• Excessive Food Price Variability Early Warning System
Source: FAO, WPF, USAID, IFPRI, and World Bank.


1. USDA, World Agricultural Supply and Demand Estimates, WASDE, October 12, 2011.
2. FEWSNET, Special Brief, September 15, 2011. The program -- also known as the Paddy Pledging Program -- allows farmers to pledge their rice paddies to the government before harvest in exchange for loans. After the harvest, the farmer can use the rice as payment for the loan -- which will then build up government stocks of rice -- or sell the crop and repay the loan. If the pledged price is above the market price, farmers will expectedly default on the loan. This development is important because Thailand remains the largest exporter of rice -- a market in which only 6% of world output is internationally traded (less than a third of the 19% for wheat).
3. USDA, WASDE, October 12, 2011.
4. World Bank, Weekly Global Economic Brief, October 20, 2011, DECPG.
5. World Bank, Economic Outlook, October 6, 2011, DECPG.
6. FAO, Food Outlook, June 2011. Production of ethanol might slow down even further with the approval of a U.S. bill proposing reduction of the requirement to blend increasing amounts of ethanol into motor fuel.
7. U.S. Energy Information Agency, Short-Term Energy and Winter Fuels Outlook, October 12, 2011.
8. World Bank, "Briefing Note on Short-Term Prospects for Global Food Prices," September 3, 2011, Sustainable Development Network Vice Presidency and DECPG.
9. USDA, WASDE, October 12, 2011.
10. USAID FEWSNET, Price Watch, September 30, 2011.
11. United Nations Office for the Coordination of Humanitarian Affairs (OCHA), Horn of Africa Crisis, Situation Report No. 16, September 29, 2011.
12. Food Security and Nutrition Analysis Unit (FSNAU), Famine Spreads into Bay Region -- 750,000 People Face Imminent Starvation, September 5, 2011; FSNAU, Food Security and Nutrition Analysis Post Gu 2011, Technical Series Report No. VI. 42, October 8, 2011.
13. USAID FEWSNET, East Africa Report, October 8, 2011.
14. OCHA, Horn of Africa Summit Calls for Joint Action to Help Millions, October 8, 2011.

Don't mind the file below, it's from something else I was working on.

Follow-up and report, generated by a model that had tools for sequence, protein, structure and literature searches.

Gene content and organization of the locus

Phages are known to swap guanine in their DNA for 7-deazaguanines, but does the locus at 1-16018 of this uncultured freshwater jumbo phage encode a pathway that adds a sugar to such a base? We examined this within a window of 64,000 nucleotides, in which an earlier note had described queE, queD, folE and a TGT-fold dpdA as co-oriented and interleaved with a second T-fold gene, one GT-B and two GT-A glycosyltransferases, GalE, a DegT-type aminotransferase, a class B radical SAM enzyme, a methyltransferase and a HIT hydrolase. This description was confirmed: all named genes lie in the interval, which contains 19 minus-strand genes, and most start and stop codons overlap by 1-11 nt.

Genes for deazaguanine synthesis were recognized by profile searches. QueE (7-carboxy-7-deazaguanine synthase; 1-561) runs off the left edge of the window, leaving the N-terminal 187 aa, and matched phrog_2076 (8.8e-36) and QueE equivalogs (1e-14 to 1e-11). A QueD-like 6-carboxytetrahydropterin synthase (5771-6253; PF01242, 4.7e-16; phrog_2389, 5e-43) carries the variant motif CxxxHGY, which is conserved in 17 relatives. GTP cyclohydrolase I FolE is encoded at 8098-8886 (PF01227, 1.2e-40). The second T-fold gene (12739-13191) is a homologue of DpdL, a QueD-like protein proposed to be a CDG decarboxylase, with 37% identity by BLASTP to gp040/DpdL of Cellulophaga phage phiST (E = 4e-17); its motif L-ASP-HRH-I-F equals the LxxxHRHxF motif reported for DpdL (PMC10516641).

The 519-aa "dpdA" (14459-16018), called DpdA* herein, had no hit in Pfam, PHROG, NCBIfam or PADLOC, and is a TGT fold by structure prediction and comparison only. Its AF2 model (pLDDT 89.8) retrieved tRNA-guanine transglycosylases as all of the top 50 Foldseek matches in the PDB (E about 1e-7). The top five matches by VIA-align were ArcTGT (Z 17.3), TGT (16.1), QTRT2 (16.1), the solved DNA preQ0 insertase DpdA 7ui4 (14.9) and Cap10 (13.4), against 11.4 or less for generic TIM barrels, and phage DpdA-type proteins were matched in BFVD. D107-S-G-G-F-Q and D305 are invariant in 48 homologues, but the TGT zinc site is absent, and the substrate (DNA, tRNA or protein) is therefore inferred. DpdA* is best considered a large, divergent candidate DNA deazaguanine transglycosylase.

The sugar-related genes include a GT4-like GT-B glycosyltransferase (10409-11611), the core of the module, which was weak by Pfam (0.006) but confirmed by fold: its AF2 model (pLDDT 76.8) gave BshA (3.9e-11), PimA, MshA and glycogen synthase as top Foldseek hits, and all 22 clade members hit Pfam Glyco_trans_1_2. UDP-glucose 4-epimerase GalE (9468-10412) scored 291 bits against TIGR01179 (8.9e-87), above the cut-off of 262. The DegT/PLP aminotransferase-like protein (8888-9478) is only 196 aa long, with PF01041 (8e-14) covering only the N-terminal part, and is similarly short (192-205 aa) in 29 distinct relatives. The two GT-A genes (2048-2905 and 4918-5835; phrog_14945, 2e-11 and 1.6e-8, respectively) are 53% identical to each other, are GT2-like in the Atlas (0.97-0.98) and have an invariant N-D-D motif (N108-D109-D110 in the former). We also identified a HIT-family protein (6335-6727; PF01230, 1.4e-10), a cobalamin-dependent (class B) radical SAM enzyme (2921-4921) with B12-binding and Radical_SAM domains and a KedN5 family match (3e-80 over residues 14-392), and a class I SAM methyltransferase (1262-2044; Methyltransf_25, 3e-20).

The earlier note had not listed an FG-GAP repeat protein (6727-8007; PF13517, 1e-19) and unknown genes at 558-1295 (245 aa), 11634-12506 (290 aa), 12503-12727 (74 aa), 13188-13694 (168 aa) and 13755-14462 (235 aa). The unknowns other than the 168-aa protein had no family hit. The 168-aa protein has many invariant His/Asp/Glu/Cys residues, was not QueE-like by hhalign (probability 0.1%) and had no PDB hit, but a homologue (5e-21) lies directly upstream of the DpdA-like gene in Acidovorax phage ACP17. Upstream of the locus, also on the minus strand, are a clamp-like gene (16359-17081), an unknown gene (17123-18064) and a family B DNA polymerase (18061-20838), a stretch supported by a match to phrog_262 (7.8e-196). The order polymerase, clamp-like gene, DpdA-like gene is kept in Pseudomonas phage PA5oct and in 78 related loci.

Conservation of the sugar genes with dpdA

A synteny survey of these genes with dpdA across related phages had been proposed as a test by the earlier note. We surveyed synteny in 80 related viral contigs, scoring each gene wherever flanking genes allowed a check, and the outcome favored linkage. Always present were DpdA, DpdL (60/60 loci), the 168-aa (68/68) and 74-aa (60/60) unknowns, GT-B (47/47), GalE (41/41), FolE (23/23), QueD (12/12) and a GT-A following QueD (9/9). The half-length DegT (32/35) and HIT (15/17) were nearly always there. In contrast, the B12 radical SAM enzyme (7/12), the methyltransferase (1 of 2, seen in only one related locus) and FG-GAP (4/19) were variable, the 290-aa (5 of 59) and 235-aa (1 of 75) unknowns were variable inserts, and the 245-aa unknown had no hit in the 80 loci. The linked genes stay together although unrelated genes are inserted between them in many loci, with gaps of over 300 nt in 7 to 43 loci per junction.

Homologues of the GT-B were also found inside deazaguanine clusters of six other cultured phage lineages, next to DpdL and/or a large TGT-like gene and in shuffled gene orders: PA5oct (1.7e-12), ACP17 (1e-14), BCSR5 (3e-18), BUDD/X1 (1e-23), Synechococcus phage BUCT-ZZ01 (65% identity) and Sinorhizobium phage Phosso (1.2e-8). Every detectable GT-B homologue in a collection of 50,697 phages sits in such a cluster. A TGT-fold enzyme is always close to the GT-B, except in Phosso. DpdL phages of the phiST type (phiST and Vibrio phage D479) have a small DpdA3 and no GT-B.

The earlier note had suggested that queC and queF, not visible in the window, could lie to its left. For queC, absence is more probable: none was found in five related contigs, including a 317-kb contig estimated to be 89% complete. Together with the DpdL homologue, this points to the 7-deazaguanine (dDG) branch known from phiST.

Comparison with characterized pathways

15. OCHA, Financial Tracking Service -- Tracking Global Humanitarian Aid Flows, October 8, 2011; OCHA, 2011 Horn of Africa Drought -- Funding Summary, October 8, 2011.
16. USAID FEWSNET, Price Watch, September 30, 2011.
17. FMore exactly, granting authority to the Ministry of Finance to declare a commodity essential and set maximum prices by the Price Control Acts 2011. However, it is not clear whether this authority has so far been used (see USAID FEWSNET, Price Watch, 30 September 2011).
18. FAO, Global Food Price Monitor, September 2011.
19. World Bank, East Asia and Pacific Food and Energy Prices Brief, September 29, 2011, East Asia and Pacific Poverty Reduction Unit.
20. FAO, 2011 State of Food Insecurity, June 2011. The report cites, for example, that while export controls contributed to stable prices in China, India, and Indonesia during 2006–8, they are associated with increasing food prices in Malawi (2007–9) and Zambia (2005).
21. Global price volatility is higher for rice and wheat, but not for maize. The sample for maize includes many Sub-Saharan African countries where domestic prices may more likely vary as a result of changing prices in neighboring countries than changing global prices. Also, maize is the least imported of the three food commodities analyzed in the sample, which may contribute to making maize prices more vulnerable to domestic factors.
22. Afghanistan, Armenia, Azerbaijan, Benin, Bolivia, Brazil, Burkina Faso, Burundi, Cambodia, Colombia, Costa Rica, Djibouti, Dominican Republic, El Salvador, Ethiopia, Georgia, Guatemala, Haiti, Honduras, India, Kenya, Kyrgyz Republic, Lao PDR, Madagascar, Mali, Mexico, Mozambique, Nepal, Nicaragua, Niger, Nigeria, Pakistan, Panama, Peru, Philippines, Russia, Rwanda, Somalia, South Africa, Sudan, Tanzania, Thailand, Togo, Uganda, Uruguay, Zambia.
23. G-20, Action Plan on Food Price Volatility and Agriculture, Ministerial Declaration: Meeting of G-20 Agriculture Ministers, Paris, June 22–23, 2011.
24. FEWSNET and FSNAU began providing regular early warning information regarding the impending crisis in August 2010 ("Famine in Southern Somalia: Questions and Answers," and "Horn of Africa -- Drought," Fact Sheet No. 3, Fiscal Year 2011, USAID, July 21, 2011).

Food Price Watch, produced by the Poverty Reduction and Equity group at the World Bank, is a series that aims at drawing attention to trends in domestic food prices in low- and middle-income countries and their policy implications. Contact: José Cuesta (